“a blockchain entertainment studio laying the foundation for a decentralized entertainment industry. Building the future of rights management, project funding, and peer-to-peer distribution, SingularDTV’s platform empowers artists and creators with powerful tools to manage projects from development to distribution.” – whitepaper link
From my understanding, SingularDTV uses blockchain technology to allow content creators to completely control, and be compensated for the distribution of their work while removing the need for middlemen in the value chain.
In today’s world in which creators can already be compensated for distributing their work directly through Spotify, YouTube, and even Netflix, SingularDTV’s value-add is not completely clear to me. However, it’s been enough to sign, kind of a big deal, electronic music producer Gramatik.

What’s This Mean for Media Companies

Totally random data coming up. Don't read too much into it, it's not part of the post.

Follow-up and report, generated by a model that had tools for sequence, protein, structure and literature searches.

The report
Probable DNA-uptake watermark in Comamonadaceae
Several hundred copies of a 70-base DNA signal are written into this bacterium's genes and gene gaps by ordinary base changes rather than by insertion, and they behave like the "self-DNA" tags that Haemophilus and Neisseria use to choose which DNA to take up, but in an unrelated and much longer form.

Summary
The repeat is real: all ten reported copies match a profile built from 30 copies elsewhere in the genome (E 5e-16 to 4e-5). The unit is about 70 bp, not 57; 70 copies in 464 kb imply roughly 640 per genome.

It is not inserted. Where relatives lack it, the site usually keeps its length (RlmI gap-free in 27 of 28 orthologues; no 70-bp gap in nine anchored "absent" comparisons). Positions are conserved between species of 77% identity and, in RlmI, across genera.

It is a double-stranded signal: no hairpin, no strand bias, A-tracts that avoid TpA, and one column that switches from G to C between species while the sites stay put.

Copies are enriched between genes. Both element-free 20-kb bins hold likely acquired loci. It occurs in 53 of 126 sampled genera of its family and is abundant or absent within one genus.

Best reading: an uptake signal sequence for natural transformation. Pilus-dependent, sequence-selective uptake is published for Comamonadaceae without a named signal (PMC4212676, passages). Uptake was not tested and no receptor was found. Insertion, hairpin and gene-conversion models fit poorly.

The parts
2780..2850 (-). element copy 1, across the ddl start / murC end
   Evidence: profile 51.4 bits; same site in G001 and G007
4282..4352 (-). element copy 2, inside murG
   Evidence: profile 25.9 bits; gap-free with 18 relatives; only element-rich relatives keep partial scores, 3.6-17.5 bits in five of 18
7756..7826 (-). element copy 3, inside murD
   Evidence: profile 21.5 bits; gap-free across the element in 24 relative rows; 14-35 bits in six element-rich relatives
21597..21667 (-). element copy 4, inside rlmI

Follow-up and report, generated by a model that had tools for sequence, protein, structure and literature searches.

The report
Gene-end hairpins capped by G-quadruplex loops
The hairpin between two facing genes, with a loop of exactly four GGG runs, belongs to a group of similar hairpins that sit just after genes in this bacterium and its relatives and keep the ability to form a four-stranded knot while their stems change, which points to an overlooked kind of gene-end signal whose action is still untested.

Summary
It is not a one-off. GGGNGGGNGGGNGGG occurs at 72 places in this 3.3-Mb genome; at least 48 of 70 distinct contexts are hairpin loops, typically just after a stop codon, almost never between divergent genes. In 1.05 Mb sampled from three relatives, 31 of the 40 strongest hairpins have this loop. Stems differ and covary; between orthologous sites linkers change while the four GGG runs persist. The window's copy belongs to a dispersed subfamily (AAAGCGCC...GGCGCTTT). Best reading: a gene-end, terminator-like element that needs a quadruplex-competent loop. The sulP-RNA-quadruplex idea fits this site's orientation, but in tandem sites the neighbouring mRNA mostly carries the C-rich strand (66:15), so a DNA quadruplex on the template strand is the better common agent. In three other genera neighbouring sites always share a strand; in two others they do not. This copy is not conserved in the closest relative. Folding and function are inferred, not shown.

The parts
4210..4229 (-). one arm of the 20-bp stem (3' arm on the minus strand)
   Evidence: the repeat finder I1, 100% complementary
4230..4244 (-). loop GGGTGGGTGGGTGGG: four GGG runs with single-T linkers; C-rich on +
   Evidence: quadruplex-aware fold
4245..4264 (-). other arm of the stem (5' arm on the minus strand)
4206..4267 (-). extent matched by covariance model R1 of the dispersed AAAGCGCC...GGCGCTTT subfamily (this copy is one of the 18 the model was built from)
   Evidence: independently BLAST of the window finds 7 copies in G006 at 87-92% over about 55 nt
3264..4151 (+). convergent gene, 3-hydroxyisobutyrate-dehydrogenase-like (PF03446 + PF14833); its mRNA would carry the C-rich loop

While it’s entirely possible, and probably probable, that these platforms will become the Myspace of the future, if you rub your eyes and squint hard enough, you may be able to picture them as playing a significant role in the future of media.
The point is, while we’re laser-focused on the media ecosystem as it exists today in the hands of Facebook, Amazon, Netflix, and Google (FANG). History has so far shown us that, on a long enough timeline, all technology incumbents are eventually disrupted. In today’s especially crazy world, the stars of government regulation could be aligning to drain the rising FANG tide. If we are approaching that high water mark, decentralized, difficult to regulate, systems are positioning to fill the void.
What would the impact on our business be if effectively owner-less, decentralized platforms became the defacto for media distribution?

Next Level

If that didn’t take you far enough to the fringes, here are some ultra-meta, decentralized system thought pieces: